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Getting bang for contact centre buck

Innovation in contact centres should be driven by the ability to demonstrate gains in productivity, the ability to deliver improved service and the ability to achieve satisfying customer interactions.

That’s why the integration of business processes or workflows, mobility and speech recognition should be at the top of the list for organisations seeking to achieve more from the contact centre.

Let’s begin with the notion of integrating business processes or workflows. Typically, when contact is initiated, be it through a phone call, an SMS or a web form, it occurs more or less in isolation from the rest of the business.

For the agent to perform any actions, separate processes must be initiated, with data entry and likely ‘handovers’ of information and/or tasks. Immediately, this presents the possibility of errors – but that’s the least of the worries. It is also inefficient and lacks ‘start to finish’ traceability.

If that contact triggers a workflow which can be integrated into the back office, it immediately provides visibility.

In addition, with a unified communications component (presence), the system can see who is available with the right skills to address the caller’s request and route the call appropriately.

All the metrics related to the instant of initiation through to the point of resolution are tracked, made available for analysis and provide opportunity for improvement.

For businesses looking to boost contact centre performance, process integration can deliver the biggest gains.

The rise and rise of mobility

Tablet computers and smartphones are dramatically changing the way we interact with technology. They are also providing a platform to change the way people interact with the organisations of which they are customers – and that is largely aligned with the concept of the app.

Apps are no more or less than small programmes which optimise information exchange for specific devices.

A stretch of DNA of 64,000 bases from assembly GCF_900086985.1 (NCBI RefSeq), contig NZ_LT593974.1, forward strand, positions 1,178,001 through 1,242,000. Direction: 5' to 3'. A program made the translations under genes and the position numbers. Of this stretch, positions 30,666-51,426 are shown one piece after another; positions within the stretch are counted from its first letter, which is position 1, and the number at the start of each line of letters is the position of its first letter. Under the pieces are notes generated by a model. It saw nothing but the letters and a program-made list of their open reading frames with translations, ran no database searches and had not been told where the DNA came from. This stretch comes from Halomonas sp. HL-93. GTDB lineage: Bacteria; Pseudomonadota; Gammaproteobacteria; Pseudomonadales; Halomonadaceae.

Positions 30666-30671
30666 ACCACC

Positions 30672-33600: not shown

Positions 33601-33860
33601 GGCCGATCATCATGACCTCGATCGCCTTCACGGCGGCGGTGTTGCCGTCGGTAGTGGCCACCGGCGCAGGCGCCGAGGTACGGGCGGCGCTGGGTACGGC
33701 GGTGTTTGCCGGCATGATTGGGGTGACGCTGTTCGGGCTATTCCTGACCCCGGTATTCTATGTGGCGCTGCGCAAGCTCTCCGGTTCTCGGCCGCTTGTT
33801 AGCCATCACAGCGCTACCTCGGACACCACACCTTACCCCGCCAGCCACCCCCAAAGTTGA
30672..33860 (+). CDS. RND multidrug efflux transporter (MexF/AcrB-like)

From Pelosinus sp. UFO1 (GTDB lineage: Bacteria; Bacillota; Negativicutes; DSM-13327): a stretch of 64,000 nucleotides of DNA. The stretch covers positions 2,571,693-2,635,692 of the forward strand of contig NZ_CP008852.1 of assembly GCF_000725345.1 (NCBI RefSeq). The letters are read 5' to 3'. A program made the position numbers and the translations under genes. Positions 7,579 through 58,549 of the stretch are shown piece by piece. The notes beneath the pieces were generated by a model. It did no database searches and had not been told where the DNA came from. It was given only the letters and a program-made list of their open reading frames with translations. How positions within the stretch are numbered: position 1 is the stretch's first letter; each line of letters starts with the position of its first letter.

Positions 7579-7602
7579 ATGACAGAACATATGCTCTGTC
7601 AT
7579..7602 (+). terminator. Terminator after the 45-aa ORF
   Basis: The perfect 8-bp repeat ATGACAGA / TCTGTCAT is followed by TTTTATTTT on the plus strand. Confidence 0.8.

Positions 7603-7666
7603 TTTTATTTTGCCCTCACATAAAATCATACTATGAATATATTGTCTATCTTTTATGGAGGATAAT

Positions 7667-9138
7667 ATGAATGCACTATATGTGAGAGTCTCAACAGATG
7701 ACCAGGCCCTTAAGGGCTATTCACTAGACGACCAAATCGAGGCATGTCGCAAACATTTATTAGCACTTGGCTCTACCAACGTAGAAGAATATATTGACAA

Together with the integration of business processes, company-specific apps provide the ability for the operators of smart contact centres to instantly pick up on what their customers want.

With a custom designed app, downloadable from the respective Android, Apple or Microsoft app store, the business is effectively placed in the hand of the customer.

While most apps will provide a level of functionality and information exchange, that can be taken a step further by routing the exchange to the contact centre.

Should the customer require assistance of any sort, the agent is equipped to know who the individual is, see what they have been doing, and be in a position to provide informed assistance proactively.

Of course, implementing such a solution should raise a flag common to many ‘BYOd’ scenarios – that of the necessity to develop for a variety of platforms to cover the multitude of handsets and platforms in the market.

Fortunately this isn’t a major issue, with ‘write once, deploy anywhere’ solutions available on the market today.

That’s a significant issue as it brings the concept of a connected contact centre on the handset within a realistic development cost on the one hand.

On the other, it ensures consistency of experience regardless of the phone or tablet being used.

This is a step away from the ‘typical’ approach to apps taken by most businesses – where the marketing department tends to take the lead, with little integration into back end business processes.

Watching what your customers (and agents) say


The final ‘hot spot’ for the innovative contact centre is the emerging field of speech analytics.

The information which is created in a typical voice call is essentially unstructured data – that means it is difficult to search it.

When call quality is being monitored, the only real way to do it is to listen to the calls... not something which one imagines to be either a great deal of fun or a way of adding great value.

Speech analytics allows the system to ‘listen’ to both sides of the conversation to determine what is being said.

Phrases to look out for can be programmed into the system ‘on the fly’, providing easy flexibility to, for example, tie in with promotions or offers, or any one of a range of applications.

When a predetermined phrase is detected, it can kick of other actions or processes automatically.

For example, ‘I want to close my account’ (always an attention-grabber for any organisation seeking to retain customers) could initiate processes to change their mind.

The agent could be provided with a script to help identify the issue and special offers could be made.

These technologies are available and are being trialed or deployed in new Zealand right now.

Already, they are showing great promise; more than the examples provided, they provide headroom for innovation in the contact centre – with these powerful tools at their disposal, managers can differentiate their contact centres, deliver better experiences to customers and improved value to business.